They Found Inspiration at NWTC

By Seyon Verdtzabella and Nancy Verdtzabella, Teachers

In June, Bing Nursery School teachers, Nancy Verdtzabella and Seyon Verdtzabella, attended the 9th annual Northwest Teachers’ Conference (NWTC) in Mt. Vernon, Wash. The six-day conference is a platform for professional development and personal renewal for educators. It provides teachers and administrators with opportunities to reaffirm their ability to teach through retrospection, personal reflection, collaboration and focus on their intention as educators.
Many of this year’s conference participants were inspired. They returned to their educational programs with ideas about how to promote team building, communication, poetry, singing, song writing and storytelling. The conference also broached many more topics, all of which were explored in small and large group seminars. For instance, in order to become a true community, children, parents and educators need to know each other. Educators take the lead in encouraging a supportive atmosphere in which each may notice the details about the other. These details can be shared through conversations, games, pictures, songs and stories.
Another topic of interest at NWTC 2004 was the role of the teacher in the classroom. Teachers are not dispensers of knowledge to children but collaborators in children’s learning. They invite and encourage students to take an active role in their own education. For example, when teachers share a song, children might clap, move, sing — or simply listen. The teacher’s role is to support and recognize how the children experience music. It is important to cultivate their desire to create, to invent, to wonder. Children are also invited to take their own ideas and experiences and infuse them into an existing song. Or, perhaps they will be inspired to create their own song at another time. Songs can help children and teachers address issues that impact their lives. Additionally, children can derive communication skills and speak about what they observe, understand or have a passion for. Likewise, teachers can benefit from this creative process.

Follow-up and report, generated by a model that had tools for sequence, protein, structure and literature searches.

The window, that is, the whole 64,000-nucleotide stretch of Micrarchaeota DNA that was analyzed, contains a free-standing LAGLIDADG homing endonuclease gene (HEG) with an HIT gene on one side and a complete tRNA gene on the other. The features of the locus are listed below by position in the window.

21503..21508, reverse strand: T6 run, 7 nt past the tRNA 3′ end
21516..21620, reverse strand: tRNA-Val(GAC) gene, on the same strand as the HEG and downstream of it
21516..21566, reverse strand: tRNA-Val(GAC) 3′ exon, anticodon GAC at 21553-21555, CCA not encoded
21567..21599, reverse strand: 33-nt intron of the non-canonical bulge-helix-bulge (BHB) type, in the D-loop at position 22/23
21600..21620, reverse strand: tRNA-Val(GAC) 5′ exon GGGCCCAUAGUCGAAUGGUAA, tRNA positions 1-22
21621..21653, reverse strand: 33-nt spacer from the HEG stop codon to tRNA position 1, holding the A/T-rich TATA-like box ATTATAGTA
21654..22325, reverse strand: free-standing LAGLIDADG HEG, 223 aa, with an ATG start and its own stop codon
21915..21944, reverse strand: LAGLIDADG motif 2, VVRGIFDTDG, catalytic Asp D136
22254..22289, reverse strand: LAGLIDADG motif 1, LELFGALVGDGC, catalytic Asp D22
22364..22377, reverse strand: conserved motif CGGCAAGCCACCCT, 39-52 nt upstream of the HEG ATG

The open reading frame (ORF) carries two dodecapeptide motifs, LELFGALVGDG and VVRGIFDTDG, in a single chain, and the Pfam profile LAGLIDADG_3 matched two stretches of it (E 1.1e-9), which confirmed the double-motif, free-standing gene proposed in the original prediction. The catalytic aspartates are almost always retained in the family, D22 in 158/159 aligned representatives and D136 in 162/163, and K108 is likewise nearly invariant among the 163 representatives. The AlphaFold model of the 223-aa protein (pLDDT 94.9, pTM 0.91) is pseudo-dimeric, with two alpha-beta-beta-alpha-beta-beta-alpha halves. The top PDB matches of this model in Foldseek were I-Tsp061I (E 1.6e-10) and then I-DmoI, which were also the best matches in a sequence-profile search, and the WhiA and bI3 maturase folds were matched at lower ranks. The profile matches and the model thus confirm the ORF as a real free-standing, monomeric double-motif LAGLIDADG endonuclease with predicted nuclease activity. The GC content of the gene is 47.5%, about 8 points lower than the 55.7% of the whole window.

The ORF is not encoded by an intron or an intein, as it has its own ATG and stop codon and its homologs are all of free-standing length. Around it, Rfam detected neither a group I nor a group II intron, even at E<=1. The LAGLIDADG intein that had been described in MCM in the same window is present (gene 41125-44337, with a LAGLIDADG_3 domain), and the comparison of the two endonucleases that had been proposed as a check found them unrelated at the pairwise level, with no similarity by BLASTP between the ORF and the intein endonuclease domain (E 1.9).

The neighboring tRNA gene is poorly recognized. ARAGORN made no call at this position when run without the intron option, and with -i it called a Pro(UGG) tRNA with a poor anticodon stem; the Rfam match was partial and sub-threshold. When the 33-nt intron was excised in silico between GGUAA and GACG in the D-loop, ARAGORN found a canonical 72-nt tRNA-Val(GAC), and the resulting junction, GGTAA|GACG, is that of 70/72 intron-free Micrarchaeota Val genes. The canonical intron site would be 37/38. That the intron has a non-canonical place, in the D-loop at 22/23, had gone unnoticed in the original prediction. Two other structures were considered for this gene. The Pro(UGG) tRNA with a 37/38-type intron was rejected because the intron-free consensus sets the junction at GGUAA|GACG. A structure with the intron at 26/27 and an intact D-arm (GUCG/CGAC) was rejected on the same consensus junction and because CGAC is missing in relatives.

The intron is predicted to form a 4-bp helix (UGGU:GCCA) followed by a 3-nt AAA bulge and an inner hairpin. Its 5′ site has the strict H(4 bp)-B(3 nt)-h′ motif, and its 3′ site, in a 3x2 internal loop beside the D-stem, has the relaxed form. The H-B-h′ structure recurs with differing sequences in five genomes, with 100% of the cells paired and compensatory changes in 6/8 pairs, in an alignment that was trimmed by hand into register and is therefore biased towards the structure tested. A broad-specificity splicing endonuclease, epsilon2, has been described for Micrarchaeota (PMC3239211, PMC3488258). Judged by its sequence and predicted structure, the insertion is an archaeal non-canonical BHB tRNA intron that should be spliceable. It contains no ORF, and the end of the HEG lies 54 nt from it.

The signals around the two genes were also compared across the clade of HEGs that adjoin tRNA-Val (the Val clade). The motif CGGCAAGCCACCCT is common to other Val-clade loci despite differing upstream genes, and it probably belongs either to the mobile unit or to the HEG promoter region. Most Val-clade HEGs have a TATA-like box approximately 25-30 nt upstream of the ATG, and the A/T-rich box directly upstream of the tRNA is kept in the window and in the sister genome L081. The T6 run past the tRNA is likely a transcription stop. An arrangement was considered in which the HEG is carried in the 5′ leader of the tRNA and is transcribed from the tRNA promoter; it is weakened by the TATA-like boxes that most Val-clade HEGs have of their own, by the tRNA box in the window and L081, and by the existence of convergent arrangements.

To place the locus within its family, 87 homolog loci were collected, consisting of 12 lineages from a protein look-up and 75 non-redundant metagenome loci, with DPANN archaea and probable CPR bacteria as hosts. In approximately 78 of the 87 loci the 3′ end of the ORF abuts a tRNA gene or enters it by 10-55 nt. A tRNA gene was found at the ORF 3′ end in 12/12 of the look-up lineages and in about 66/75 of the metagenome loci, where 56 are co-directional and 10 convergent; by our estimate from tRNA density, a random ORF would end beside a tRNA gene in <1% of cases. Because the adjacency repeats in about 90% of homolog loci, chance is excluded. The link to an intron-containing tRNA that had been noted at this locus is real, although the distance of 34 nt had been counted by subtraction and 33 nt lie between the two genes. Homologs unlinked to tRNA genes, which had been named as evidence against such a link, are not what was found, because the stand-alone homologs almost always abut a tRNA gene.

Also, NWTC 2004 touched on how educators structure the learning environment. Consider that children need the time to wonder, to speculate. Adults might see a quiet and inactive child as bored. However, it is the teachers’ responsibility to learn about that child’s temperament and allow him or her to wonder, to be private. Space and time are essential for children to imagine and play. Educators may promote scientific learning by supporting children’s natural curiosity, inquiry and discoveries throughout the indoor and outdoor environment. One novel way to develop children’s thinking is to start the academic year with a classroom with blank walls, a canvas yet to be painted.  As the journey of the class progresses, the walls will begin to reflect what is important to the children in that class. Teachers and children collaborate and negotiate the curriculum. Curiosity, intensity and creativity are enhanced.
Teaching requires constant giving — giving of attention, giving of energy to learning. NWTC rejuvenates educators to continue giving their very best to each and every student in their class.